Some, but not all, secondary schools in Bridgend will retain their sixth forms. That’s the headline recommendation of an expert panel which evaluated the future of post-16 education in the county, due to be discussed by BCBC’s cabinet next week (pdf).
The report is the final piece of a four-part strategic review into the school curriculum and school estate.
Sixth forms in Bridgend vary in size between 76 and 344 students. Bridgend College and Pencoed Comprehensive have established Penybont Sixth Form College, while Bridgend College also offers night-time AS/A-Level courses in law, psychology and film studies – taken up by around 100 pupils.
27 pupils take part in “Option X & Y” schemes where they attend courses delivered by different schools because they’re not available at their “home” school.
Some of the negative aspects of sixth forms are said to include a lack of breadth in the curriculum, surplus places, the cost of transport with regard collaborative programmes like “Option X & Y” and the possible future withdrawal of free home-school transport for sixth formers.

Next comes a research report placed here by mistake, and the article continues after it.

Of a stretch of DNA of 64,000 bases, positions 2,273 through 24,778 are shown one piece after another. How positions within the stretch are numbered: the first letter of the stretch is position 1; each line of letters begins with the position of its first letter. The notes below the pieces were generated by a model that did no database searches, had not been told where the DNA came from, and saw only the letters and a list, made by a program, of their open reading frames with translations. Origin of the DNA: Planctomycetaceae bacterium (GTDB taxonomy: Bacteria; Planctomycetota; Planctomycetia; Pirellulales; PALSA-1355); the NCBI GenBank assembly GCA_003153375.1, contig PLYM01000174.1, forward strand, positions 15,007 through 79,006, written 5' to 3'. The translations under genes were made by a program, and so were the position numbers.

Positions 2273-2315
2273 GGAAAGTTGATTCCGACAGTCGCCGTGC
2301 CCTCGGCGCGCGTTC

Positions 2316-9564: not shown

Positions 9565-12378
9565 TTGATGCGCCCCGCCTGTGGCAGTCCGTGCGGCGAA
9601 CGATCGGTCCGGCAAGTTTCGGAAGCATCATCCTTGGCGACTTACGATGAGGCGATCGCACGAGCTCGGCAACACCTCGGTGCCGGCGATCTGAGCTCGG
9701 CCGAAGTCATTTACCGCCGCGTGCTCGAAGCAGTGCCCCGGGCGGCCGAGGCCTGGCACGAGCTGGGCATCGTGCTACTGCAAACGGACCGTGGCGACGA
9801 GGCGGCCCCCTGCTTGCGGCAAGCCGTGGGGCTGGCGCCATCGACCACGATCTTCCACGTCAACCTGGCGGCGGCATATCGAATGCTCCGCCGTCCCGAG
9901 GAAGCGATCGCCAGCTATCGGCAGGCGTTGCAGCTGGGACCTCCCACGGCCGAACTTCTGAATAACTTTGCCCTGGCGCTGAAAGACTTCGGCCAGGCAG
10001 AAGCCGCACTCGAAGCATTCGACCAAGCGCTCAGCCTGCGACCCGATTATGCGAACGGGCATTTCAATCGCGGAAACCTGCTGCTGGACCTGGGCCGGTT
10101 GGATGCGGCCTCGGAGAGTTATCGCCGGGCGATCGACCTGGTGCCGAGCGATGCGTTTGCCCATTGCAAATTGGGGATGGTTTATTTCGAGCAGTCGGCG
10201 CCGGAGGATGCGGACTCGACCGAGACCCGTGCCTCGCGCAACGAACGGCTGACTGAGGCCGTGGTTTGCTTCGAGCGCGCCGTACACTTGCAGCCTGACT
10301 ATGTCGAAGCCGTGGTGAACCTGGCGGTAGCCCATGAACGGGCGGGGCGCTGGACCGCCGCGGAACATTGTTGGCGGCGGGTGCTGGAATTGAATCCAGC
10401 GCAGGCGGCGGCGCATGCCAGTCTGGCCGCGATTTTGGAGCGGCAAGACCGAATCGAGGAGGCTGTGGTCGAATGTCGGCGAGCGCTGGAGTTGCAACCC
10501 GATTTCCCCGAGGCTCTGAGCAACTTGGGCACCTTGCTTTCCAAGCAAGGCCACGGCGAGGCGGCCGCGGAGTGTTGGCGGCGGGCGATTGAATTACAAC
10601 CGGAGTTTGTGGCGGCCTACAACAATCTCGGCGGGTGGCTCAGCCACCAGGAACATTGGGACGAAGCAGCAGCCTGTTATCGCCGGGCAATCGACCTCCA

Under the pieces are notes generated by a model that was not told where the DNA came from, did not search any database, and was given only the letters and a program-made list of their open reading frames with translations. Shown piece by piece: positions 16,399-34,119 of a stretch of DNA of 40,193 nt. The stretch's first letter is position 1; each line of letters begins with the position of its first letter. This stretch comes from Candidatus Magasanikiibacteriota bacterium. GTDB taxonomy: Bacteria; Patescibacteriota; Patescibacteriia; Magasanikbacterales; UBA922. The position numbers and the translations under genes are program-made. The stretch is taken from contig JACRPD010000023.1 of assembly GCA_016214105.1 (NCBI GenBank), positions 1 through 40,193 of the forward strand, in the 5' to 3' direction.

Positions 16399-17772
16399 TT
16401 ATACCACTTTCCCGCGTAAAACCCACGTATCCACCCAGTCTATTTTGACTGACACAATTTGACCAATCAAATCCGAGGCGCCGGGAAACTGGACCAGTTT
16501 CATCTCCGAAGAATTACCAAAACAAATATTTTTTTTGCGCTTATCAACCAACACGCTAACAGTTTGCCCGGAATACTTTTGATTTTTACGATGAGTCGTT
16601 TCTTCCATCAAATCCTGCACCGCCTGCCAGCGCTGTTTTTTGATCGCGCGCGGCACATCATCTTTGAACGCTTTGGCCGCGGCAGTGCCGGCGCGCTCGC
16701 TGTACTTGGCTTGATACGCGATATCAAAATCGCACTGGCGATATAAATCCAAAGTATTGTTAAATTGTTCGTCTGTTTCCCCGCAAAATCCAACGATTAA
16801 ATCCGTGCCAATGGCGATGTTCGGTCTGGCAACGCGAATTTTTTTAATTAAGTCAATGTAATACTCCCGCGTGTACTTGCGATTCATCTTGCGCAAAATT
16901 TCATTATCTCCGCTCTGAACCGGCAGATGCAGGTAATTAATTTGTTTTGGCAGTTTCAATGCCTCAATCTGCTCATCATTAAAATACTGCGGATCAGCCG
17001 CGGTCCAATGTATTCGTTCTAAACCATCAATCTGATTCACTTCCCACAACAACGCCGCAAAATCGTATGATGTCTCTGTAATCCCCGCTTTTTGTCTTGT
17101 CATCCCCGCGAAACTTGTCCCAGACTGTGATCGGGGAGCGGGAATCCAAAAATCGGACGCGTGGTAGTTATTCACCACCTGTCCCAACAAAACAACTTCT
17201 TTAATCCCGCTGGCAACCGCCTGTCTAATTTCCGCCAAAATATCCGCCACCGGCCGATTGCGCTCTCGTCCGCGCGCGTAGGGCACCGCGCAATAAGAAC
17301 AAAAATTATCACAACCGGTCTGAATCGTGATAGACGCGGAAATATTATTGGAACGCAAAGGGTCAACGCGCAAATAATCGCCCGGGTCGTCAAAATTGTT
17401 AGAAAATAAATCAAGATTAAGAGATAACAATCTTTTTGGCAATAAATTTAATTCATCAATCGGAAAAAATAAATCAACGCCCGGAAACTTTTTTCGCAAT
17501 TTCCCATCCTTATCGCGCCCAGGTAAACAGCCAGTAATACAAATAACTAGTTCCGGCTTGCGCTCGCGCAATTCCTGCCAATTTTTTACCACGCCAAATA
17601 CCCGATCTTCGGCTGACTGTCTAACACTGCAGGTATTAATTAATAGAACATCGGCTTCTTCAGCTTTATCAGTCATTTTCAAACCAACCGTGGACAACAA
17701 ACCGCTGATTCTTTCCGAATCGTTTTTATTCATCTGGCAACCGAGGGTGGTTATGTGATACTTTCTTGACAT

Several options were considered by the panel, summarised as:
- Retaining sixth forms as they are.
- Merging sixth forms into a single Sixth Form College – either run independently or co-run by all participating schools – and/or creating multiple regional centres based at existing schools.
- Have all further education courses delivered by Bridgend College (similarly to Neath Port Talbot).
The panel undertook an assessment, scoring each concept on how it meets BCBC’s objectives.
Two concepts came out on top and were recommended for further consideration. Both would have some schools retain their sixth forms, while other schools would merge theirs into a single sixth form centre all under a unified timetable. The only difference between the two concepts is governance arrangements.
There was a need to develop specific proposals for post-16 Welsh-medium education, special needs and faith-based education. The panel will also expect more collaboration between schools to create the common timetable, greater support for e-learning and the possibility of sixth forms sharing staff.
Further work will be undertaken on the recommended options with another, more detailed, report expected in Spring 2018.